For AT sand under dry conditions, 68% of all fragments have a distance from the centre less than 5 mm. The probability of fragments at higher distances decays faster and is almost 0 for values higher than 25 mm. This is a clear difference to the behaviour of GB sand under dry conditions. AT sand under wet conditions shows the least spreading of all cases investigated: 98% of the fragments have a distance less than 5 mm.
In Figure 7c,d, histograms of the fragments’ area are shown. Here, the results for both types of sand and for dry and wet contact conditions are similar. The vast majority of fragments are smaller than 0.1 mm (size of the histograms first bin) and only few larger particles exist.
Thinking of the application of wheel–rail sanding, it is of interest to ask how much of the mass of the initial grain would stay within a radius of 5 mm: radius of a conceptual wheel–rail contact patch. This radius corresponds to a typical running band width when the tread of a wheel is in contact with the rail head. Experimental results using a full-scale test rig can be found in [48]. From the post-processing of the crushing tests, the fragments’ area and distance can be related. Figure 8 shows cumulative histograms, where the fragment distance is weighted by its area divided by the sum of all fragments. The area of the conceptual wheel–rail contact is shown as grey box. For GB sand, the contact condition makes a big difference: under dry conditions 68% of the fragments’ area stay within the conceptual wheel–rail contact, while it is 98% under wet conditions. This influence of the contact condition is less pronounced for AT sand: Even under dry conditions 93% of the fragments’ area stays within the conceptual wheel rail contact and under wet conditions it is 100%.
The previous analysis took into account the fragments which remained on the lower plate (sized 5 cm × 5 cm) of the testing device. To check if any fragments were expelled from this lower plate, the weight of the initial grain was recorded, as well as the weight of the fragments remaining on the lower plate. In some cases, fragments stuck to the upper plate of the testing device. In the check for mass loss, these fragments’ weight was added to the fragments’ weight from the lower plate. Figure 9 shows box plots of the mass loss for GB and AT sands for both contact conditions. For GB sand under dry conditions, the mass loss ranged up to 10% while there were four outliers reaching up to 66%. Under wet conditions on GB sand, there were three outliers with a mass loss between 25% and 33%, while in all other cases the mass loss was below 3%. For AT sand under both dry and wet conditions the mass loss was below 7%, with the exception of four tests under dry conditions, which ranged between 15% and 42% of mass loss. It is consistent with the fragments’ spread behaviour that GB sand under dry conditions has a higher mass loss than under wet conditions. The results for AT sand are similar for dry and wet conditions, which is also in accordance with their spread behaviour. Comparing mass loss results between GB and AT sand, AT sand shows higher values than expected from the spread behaviour. The observed mass loss was often close to the accuracy of the scale used for measuring and as AT sand grains are smaller than GB sand grains. This could be a possible explanation.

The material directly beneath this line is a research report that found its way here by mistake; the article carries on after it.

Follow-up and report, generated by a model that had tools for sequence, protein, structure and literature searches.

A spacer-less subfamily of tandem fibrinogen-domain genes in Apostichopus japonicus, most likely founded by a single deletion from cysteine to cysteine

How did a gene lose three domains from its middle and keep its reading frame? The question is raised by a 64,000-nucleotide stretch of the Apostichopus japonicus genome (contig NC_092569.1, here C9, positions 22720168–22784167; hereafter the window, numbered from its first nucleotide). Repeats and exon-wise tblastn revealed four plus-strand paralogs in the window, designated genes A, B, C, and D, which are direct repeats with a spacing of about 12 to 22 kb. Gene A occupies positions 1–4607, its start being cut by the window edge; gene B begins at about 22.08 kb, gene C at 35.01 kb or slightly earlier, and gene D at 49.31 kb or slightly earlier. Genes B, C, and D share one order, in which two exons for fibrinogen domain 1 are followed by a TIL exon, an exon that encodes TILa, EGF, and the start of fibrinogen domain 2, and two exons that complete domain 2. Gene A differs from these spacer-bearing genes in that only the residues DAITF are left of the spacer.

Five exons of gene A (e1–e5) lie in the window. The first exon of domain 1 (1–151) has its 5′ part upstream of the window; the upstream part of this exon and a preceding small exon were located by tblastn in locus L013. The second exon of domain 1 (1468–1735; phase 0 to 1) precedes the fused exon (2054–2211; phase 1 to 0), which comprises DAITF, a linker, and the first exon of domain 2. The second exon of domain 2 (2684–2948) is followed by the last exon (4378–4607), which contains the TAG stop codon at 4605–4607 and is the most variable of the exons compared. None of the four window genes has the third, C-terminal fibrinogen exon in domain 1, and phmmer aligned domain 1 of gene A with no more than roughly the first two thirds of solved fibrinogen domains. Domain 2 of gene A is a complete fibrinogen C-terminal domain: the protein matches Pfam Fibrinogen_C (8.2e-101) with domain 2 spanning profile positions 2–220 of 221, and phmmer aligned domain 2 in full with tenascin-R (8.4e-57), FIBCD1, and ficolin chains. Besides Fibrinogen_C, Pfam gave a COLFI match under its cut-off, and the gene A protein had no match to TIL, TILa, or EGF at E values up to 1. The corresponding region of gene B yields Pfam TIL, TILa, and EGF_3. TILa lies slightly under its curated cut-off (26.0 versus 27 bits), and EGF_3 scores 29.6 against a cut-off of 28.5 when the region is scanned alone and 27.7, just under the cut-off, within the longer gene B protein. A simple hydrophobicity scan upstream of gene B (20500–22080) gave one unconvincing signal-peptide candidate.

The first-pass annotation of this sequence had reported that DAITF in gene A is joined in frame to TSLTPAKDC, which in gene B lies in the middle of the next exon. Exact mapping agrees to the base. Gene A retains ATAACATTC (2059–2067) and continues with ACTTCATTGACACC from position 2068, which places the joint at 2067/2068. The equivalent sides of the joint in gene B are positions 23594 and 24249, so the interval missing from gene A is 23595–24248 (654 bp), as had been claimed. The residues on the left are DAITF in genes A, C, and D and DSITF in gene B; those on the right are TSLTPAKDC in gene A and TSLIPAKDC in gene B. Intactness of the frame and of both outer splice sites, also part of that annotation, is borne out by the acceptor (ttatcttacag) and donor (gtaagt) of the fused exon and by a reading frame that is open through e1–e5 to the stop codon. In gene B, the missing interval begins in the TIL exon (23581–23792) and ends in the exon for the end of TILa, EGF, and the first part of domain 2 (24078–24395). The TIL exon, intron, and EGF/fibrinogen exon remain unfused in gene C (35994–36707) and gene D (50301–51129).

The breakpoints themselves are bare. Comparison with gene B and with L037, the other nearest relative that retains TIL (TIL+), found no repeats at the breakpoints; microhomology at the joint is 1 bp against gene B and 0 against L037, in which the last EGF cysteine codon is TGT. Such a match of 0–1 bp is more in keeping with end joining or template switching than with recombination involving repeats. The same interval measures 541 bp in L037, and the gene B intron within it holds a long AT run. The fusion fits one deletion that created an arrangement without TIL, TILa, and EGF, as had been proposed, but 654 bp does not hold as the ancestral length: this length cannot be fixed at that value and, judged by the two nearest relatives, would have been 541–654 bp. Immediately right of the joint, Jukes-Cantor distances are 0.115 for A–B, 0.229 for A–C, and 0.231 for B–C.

2.3. Results: Fitting of Weibull Statistics

For later use in modelling of particle breakage, the Weibull statistics will be fitted to the measured breakage force/probability of survival of GB and AT sand. In this section, no distinction between dry and wet contact condition will be made, as it is assumed that the contact condition does not influence the breakage force.
The particle breakage force is defined as the highest force before a clear drop in the force can be seen, compare in Figure 5 the orange square symbol. Denoting the force at particle breakage with F b allows the calculation of the stress at breakage [49,50,51]
σ b = F b d 2 ,
where d denotes the grain’s diameter. The survival probability of a grain of diameter d under stress σ is described using Weibull statistics [49,50,51,52]:
P s ( d ) = exp d d 0 3 σ σ 0 m ,
where d 0 is the reference diameter, m is the Weibull modulus, and σ 0 is the characteristic stress such that a particle of size d 0 has 37% survival probability. The reference diameter is the median of the used particle diameters, shown in Figure 10a. It can be seen that d 0 is clearly larger for GB sand compared to AT sand. Note that the values shown are higher than the sieve sizes mentioned in the experiment description: thin particles may pass the sieve aperture diagonally and in image analysis a larger diameter can be measured depending on the orientation of the particle. The breakage forces are shown in Figure 10b, and for GB sand they reach up to 103 N, while for AT sand they are well below 65 N. Interestingly, the breakage stresses are mostly in the same range for both types of sand, compare Figure 10c.